Ceasefire tells the world: Gaza still under Israeli occupation

By agreeing to negotiate freedom of movement for Gazans, Israel has admitted – with the whole world watching – that 1.7 million Gazans are not free. A victory for truth in the ‘information war’.

One of the good things about the Israel-Gaza ceasefire is that it highlights a truth that Israel and its mouthpieces have pretty effectively obscured: that Gaza and its 1.7 million people are still not free because Israel doesn’t allow it.

Ever since the 2005 disengagement, Israel has been repeating over and over that “there is no occupation in Gaza,” and thus Hamas and the other armed groups are firing rockets not out of any grievance, because they have no grievance – they’re doing it out of pure, satanic desire to kill Jews.

But on Wednesday night, Netanyahu, Barak and Lieberman effectively admitted that this was never true. They agreed to negotiate the easing of Israel’s restrictions on Gazans’ freedom of movement: in and out of the Strip, and also within it. This was a crucial element of the ceasefire, it was reported and discussed on Israeli TV and in news media around the world. After this awfully high-profile  agreement, it’s going to be harder for the hasbaratists to say there’s no occupation (though I’m confident they will try).

The occupation of Gaza works like this: Gazans cannot go in or out of the Strip by boat or plane because Israel blockades their seacoast and airspace. On the ground, Israel allows trucks to bring in goods through the Israel-Gaza border, but doesn’t let people go through except in extreme humanitarian cases, thereby cutting off the Palestinians in Gaza from those in the West Bank.

Finally, Israel has established a “security zone” on Gaza’s side of the border that Gazans enter at their peril. Israel says the zone extends 300-500 meters into the Strip. The Red Cross says it extends a full kilometer, and the UN Office for the Coordination of Humanitarian Affairs (OCHA) says it extends up to 1.5 kilometers – making one-sixth of Gaza’s land, including a third of its farmland, a closed Israeli military zone. (Defenders of this policy say it’s there to stop terror – which is what every foreign ruler in history has said to justify its post-invasion control over a weaker nation.)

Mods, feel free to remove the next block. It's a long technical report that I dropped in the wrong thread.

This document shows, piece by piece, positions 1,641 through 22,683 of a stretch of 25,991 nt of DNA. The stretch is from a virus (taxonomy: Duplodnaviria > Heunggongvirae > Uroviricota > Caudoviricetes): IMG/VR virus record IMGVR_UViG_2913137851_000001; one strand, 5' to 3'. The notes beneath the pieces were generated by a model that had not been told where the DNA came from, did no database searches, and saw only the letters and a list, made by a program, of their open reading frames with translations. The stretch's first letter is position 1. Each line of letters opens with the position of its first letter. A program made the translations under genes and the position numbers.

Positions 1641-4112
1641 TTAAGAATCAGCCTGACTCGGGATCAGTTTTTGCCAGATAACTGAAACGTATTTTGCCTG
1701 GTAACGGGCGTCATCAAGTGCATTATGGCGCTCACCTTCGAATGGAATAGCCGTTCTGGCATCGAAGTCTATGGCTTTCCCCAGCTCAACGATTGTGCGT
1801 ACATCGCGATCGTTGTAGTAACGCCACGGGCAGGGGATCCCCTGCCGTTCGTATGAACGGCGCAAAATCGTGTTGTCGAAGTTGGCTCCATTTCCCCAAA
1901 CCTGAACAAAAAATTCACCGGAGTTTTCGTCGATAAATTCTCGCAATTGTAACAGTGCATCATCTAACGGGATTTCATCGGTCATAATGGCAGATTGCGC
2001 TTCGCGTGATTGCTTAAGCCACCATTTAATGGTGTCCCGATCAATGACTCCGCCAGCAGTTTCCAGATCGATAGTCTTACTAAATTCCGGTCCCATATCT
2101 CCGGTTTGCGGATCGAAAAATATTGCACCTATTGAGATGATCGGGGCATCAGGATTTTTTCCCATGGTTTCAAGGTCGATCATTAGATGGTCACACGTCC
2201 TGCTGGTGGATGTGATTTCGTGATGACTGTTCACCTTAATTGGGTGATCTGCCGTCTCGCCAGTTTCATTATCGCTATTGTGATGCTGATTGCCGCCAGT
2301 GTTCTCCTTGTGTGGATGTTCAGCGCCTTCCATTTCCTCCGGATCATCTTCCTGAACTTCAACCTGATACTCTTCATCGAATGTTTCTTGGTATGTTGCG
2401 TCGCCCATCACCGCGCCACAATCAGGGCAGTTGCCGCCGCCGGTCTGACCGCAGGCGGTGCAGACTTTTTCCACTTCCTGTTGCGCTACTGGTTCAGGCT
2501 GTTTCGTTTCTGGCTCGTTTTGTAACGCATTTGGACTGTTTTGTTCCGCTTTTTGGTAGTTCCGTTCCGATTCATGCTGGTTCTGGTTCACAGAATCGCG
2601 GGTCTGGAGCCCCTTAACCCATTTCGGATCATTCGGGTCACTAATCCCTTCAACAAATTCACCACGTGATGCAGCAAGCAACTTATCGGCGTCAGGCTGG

The enduring Israeli occupation of Gaza results in Palestinian farmers and metal scavengers of all ages getting killed in the security zone; in massive, ongoing destruction of farmland and buildings in that zone; in fishermen getting shot at by the Israeli navy when they go beyond (or at times just approach) the three-nautical-mile limit that Israel has arbitrarily imposed, which has crippled Gaza’s fishing industry; in 90-95 percent of Gaza’s water supply being contaminated, forcing people to buy bottled water because the blockade stops or severely delays desalination equipment from arriving; in Gaza’s sea being swamped with sewage because the blockade stops or severely delays wastewater treatment equipment from arriving …

I could go on for days; read the 2012 annual OCHA report linked to above for a comprehensive picture of Israeli tyranny over the population of Gaza, even after removing its soldiers and settlers from the Strip’s interior.

In the drawing up of the cease-fire, Hamas at first demanded the lifting of the sea blockade, but Israel refused to discuss it. (Haaretz reported that Barak agreed to negotiate this issue, but was overruled by Netanyahu and Lieberman.) I didn’t see any reports about Hamas demanding an end to the air blockade, no doubt because without airplanes in Gaza, it’s a moot issue for now.

But Israel did agree that “the ground blockade will be reduced to a minimum, Hamas will receive a package of [economic] easements, and restrictions will be lifted substantially at the border crossings to Israel,” according to Yedioth Aharonoth (and other media).

Israel also agreed to negotiate over the no-go zone inside the Gaza border. Finally, quoting this time from Haaretz,  it has “undertaken not to launch any attacks on Gaza – by land, sea or air … and not invade any Palestinian-held land.” This would seem to protect fishermen from navy fire, and all Gazans from army fire into the no-go zone; actually, it would seem to declare the no-go zone out of bounds for Israel.

There’s no telling if any of this will be negotiated as promised; if I had to bet, I’d say the current restrictions will remain in force, or largely in force, until there’s a peace agreement between Israel and the Palestinians, which may or may not ever come.

But with the whole world watching, Israel’s leaders inadvertently acknowledged that Gaza is not free, that it is still under Israeli occupation, that its image as “the world’s largest open-air prison” still fits. That should neutralize a few billion tweets and memes from the information warriors of Operation Pillar of Defense.